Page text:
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Stand-Up Poets Rhyme for Laughs


The reading was anything but staid. Offering smiles in a tiny cafe in Los Angeles, with pillows on the floor and strobe lights in the corridors, five poets raised their voices in dramatic renditions of their works to an audience favoring black sweaters and oddly colored hairdos.

"The ocean is forever changing its clothes to be more beautiful for you," Ron Koertge read from a poem called "Redondo."

Wanda Coleman read from a work titled "I Live for My Car." "Can't let go of it," she said. "To live is to drive."

The audience, in stark contrast to the prevailing image of the polite etiquette required at poetry readings, responded with loud guffaws, chortles, cheers and applause.

Such readings have been going on for several years in Southern California. Now a Cal State Long Beach professor has decided to give them a name. The readings and the art they feature, says Charles H. Webb, are stand-up poetry. "It's an incredible phenomenon," said Webb, who teaches English. "It's a legitimate, important voice. It has a sassy, youthful, irreverent vitality that seems very L.A."

To prove his point, Webb recently published an anthology called "Stand Up Poetry" featuring the work of more than 20 poets including himself. The importance of the book, he said, is that it represents the first time that some key poems have been collected and an attempt made to explore what they have in common.

Webb also organized a series of readings--including one next Tuesday at The Improvisation, a Santa Monica nightclub ordinarily associated with comedy--to highlight the stand-up phenomenon and further demonstrate his contention that poetry can be fun.

It is not the first time, of course, that poets have stood up in public to recite their works to demonstrative audiences. In the 1950s, for instance, beatniks made something of a ritual of cafe poetry readings backed up by jazz. And 20 years later, Los Angeles poet and novelist Charles Bukowski--whose life was later celebrated in the movie "Barfly"--became famous for his gutsy readings during which he was reputed to frequently swill beer.

In fact, Webb said, many of today's stand-up poets trace their literary roots to the beatniks and were greatly influenced by Bukowski. The term "stand-up poetry" was coined by two other CSULB professor-poets, Gerald Locklin and Charles Stetler.

They used it to describe the work of fellow poet Edward Field, according to Webb. In a lecture last year at CSULB, Webb expanded the term to include the large group of Los Angeles-area poets he considers of the same school. Later he published an essay in a literary journal examining the work of five stand-up poets, including Field and Locklin, and generally describing the characteristics of the genre. And late last month he brought out the anthology, published by a literary collective called Red Wind Books.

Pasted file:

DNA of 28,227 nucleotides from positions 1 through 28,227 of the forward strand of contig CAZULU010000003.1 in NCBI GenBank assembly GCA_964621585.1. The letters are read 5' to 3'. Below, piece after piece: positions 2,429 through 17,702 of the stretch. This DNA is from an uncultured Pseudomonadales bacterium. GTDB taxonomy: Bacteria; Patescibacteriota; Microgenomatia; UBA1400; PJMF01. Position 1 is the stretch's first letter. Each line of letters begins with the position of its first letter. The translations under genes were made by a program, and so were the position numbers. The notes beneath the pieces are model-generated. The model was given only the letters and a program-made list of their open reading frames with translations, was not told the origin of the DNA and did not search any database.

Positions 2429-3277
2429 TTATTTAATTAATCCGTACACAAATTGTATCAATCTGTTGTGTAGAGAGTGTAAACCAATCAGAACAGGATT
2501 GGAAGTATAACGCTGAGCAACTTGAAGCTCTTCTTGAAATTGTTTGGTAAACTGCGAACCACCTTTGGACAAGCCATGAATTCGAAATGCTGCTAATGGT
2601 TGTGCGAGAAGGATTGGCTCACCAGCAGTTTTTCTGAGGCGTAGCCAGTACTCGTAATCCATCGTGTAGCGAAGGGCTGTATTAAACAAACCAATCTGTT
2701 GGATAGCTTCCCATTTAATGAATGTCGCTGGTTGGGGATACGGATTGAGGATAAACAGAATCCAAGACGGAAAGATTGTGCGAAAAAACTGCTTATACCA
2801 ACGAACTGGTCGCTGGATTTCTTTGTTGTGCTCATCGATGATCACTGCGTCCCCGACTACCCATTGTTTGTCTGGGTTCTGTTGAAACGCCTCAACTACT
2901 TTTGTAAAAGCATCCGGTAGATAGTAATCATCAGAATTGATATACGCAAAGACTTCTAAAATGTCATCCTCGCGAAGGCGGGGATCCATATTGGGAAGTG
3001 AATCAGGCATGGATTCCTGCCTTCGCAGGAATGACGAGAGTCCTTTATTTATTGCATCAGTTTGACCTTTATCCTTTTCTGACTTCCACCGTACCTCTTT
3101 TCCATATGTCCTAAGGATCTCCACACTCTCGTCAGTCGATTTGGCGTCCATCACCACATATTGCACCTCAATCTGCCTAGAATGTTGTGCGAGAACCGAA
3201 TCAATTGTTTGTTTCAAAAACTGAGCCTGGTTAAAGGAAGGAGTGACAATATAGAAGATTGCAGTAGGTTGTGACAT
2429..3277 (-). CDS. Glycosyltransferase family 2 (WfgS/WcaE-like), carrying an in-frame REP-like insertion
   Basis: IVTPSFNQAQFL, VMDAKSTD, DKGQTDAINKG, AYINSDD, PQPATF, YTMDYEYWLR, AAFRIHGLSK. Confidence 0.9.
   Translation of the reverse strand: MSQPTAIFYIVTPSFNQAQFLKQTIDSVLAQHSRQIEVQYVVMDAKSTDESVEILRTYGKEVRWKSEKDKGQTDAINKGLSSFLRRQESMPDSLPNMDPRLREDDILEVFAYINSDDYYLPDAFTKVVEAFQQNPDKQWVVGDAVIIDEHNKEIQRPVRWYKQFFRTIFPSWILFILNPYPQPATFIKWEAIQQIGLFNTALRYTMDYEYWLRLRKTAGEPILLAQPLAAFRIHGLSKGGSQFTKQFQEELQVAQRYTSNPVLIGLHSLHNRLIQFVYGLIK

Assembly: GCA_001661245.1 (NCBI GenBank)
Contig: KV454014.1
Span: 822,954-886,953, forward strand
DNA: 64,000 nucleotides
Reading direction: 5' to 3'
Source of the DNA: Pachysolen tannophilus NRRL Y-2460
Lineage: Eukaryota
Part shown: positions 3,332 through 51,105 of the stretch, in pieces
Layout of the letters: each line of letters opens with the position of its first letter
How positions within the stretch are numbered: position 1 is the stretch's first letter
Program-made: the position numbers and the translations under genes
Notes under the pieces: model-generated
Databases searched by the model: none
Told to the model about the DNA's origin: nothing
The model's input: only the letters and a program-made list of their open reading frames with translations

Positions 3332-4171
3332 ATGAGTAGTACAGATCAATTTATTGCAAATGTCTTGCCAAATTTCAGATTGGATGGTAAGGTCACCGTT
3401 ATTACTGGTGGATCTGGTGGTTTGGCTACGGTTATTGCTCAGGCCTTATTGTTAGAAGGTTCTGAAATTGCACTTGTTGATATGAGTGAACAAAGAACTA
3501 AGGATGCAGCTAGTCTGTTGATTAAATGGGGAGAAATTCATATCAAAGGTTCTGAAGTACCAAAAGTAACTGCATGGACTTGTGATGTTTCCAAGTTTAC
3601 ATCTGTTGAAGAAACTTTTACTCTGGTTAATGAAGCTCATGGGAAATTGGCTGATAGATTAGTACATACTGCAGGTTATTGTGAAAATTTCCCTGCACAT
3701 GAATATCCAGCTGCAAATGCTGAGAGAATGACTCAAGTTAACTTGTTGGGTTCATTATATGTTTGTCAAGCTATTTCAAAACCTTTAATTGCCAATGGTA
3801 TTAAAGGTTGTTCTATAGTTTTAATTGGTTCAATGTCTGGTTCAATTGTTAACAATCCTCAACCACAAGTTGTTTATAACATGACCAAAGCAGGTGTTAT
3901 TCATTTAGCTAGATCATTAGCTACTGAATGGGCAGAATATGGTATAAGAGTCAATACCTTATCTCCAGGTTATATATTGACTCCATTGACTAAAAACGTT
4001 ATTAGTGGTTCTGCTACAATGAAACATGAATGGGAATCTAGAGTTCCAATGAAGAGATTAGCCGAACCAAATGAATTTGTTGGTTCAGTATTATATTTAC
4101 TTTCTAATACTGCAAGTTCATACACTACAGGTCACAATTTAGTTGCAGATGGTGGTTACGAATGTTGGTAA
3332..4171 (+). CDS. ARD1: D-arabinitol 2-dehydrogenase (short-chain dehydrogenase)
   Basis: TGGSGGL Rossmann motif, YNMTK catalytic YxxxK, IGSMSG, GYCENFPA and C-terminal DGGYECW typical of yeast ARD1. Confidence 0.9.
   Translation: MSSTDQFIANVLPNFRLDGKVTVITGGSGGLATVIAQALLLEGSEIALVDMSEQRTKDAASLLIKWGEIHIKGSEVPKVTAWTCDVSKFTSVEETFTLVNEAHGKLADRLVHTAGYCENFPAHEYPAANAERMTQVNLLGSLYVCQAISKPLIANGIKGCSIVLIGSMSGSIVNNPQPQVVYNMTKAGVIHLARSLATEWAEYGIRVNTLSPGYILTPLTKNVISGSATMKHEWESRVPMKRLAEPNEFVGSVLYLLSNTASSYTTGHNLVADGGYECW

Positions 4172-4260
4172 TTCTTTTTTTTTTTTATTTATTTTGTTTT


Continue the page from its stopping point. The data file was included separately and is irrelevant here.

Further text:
"I think it's a useful appellation for what this cluster of poets is trying to do," said Robert Peters, a professor of English at UC Irvine who is a noted critic and poet and has written more than 30 books. "It's talk poetry."

Among the characteristics common to most stand-up poetry, according to Webb, is clarity, humor, natural-sounding language, performability, the use of fancy and a strong individual voice. Like the best modern fiction, he said, it often tells a story, has no taboos regarding subject matter and frequently makes use of images from urban and pop culture.

Because so many of the stand-up poets live in or near Los Angeles, Webb said, much of their work deals with familiar elements of life in the city such as automobiles, pollution and the ocean. Indeed, the poets say, it is the area's long association with the movie and entertainment industries that has given stand-up poetry its strong performance orientation.

"L.A. is the only city in the shadow of Hollywood," said Suzanne Lummis, who co-edited the stand-up anthology with Webb and is an accomplished poet in her own right. "Performance therefore becomes a quality that affects all of the other arts."

"If you're going to be on stage with actors," said Webb, alluding to the fact that many stand-up poets have backgrounds in acting, "you better perform well or you'll be dwarfed."

Peters, for one, says he does not believe that this latest wrinkle in poetic history will have a lasting effect on the larger field.

"They're not experimenting, really, with form," he said. "Where their contribution lies is in the energy they bring to the writing scene here. I think they're just making a lot more visible in public what's gone on in Southern California since the days of the beats. It's not new, but it's vigorous and it will probably end up getting more readers for poetry."

The vigor, at least, seemed evident during the recent reading at Mad Hatter, a bohemian-looking cafe on Pico Boulevard.

"I like my own poems best . . . ," Webb read from a poem by Jack Grapes. "How those lines sing! All that wisdom and beauty! . . . I mean, I understand what the hell the damn poet's talking about . . . ."

After the laughter died down, some members of the audience expressed their appreciation with praise and applause.

"I find the phenomenon exciting," said Lisa Rafel of Malibu. "It doesn't just come from the poets, it comes from the audience responding. I thought this was a tremendous amount of fun."

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